Dore v. Arnold Worldwide, Inc., 39 Cal. 4th 384 (2006)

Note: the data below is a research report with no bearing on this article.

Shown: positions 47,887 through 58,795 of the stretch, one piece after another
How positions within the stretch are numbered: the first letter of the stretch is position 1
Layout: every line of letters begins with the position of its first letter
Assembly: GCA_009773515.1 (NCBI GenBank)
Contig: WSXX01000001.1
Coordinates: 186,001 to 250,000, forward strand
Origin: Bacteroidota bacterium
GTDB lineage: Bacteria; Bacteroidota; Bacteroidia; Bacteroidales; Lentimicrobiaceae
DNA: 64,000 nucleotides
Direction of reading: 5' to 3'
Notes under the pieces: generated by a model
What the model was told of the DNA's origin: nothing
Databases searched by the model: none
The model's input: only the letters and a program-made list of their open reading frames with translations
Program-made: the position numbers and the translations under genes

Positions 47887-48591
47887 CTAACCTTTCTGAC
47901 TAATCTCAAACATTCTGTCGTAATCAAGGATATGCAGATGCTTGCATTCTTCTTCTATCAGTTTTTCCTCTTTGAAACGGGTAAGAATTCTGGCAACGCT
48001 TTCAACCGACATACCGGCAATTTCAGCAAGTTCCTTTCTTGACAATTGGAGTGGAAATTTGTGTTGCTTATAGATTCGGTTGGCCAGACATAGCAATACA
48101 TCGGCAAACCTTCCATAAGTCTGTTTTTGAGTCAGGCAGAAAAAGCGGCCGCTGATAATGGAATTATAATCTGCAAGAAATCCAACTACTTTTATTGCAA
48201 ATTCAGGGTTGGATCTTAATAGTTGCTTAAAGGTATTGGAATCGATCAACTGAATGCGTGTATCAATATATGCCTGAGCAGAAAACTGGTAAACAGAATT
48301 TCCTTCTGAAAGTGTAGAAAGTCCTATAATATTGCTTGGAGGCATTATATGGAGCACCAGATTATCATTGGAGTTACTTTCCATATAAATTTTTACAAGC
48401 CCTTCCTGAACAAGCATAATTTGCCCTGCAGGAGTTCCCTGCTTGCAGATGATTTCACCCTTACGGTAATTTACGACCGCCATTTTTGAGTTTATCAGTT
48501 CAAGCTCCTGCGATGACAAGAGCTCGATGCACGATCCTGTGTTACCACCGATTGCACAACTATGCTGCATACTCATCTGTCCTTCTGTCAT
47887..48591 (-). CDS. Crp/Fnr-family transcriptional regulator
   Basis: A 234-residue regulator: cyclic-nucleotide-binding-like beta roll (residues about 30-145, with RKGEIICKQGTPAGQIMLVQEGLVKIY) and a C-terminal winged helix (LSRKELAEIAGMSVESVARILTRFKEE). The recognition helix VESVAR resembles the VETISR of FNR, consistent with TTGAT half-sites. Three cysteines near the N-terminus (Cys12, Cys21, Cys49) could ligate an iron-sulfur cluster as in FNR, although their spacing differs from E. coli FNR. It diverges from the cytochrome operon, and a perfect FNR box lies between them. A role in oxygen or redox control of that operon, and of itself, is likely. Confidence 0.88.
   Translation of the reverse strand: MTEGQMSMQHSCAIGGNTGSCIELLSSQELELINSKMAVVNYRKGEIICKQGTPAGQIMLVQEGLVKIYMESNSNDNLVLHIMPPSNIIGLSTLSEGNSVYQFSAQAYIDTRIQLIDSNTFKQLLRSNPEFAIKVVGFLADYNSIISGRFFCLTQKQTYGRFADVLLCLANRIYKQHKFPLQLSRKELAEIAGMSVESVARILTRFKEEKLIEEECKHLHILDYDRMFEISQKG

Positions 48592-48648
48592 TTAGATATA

Brook Dore, who was employed as a management supervisor, countersigned an employment agreement (in the form of a letter) that characterized his employment as “at-will,” which was defined as the right of either party to terminate the employment “at any time.” Although the trial court granted the employer’s motion for summary judgment, the court of appeal reversed, and the Supreme Court in turn reversed the appellate court, reinstating summary judgment in favor of the employer. The Supreme Court held that the verbal formulation “at any time” in the termination clause of the employment contract was not ambiguous merely because it did not expressly indicate whether “cause” was or was not required for termination. Therefore, there was no triable issue of material fact as to the claims for breach of contract and breach of the implied covenant of good faith and fair dealing. The employer also was entitled to summary adjudication of the claim for promissory fraud because the employee produced insufficient evidence of justifiable reliance given the at-will nature of the employment relationship.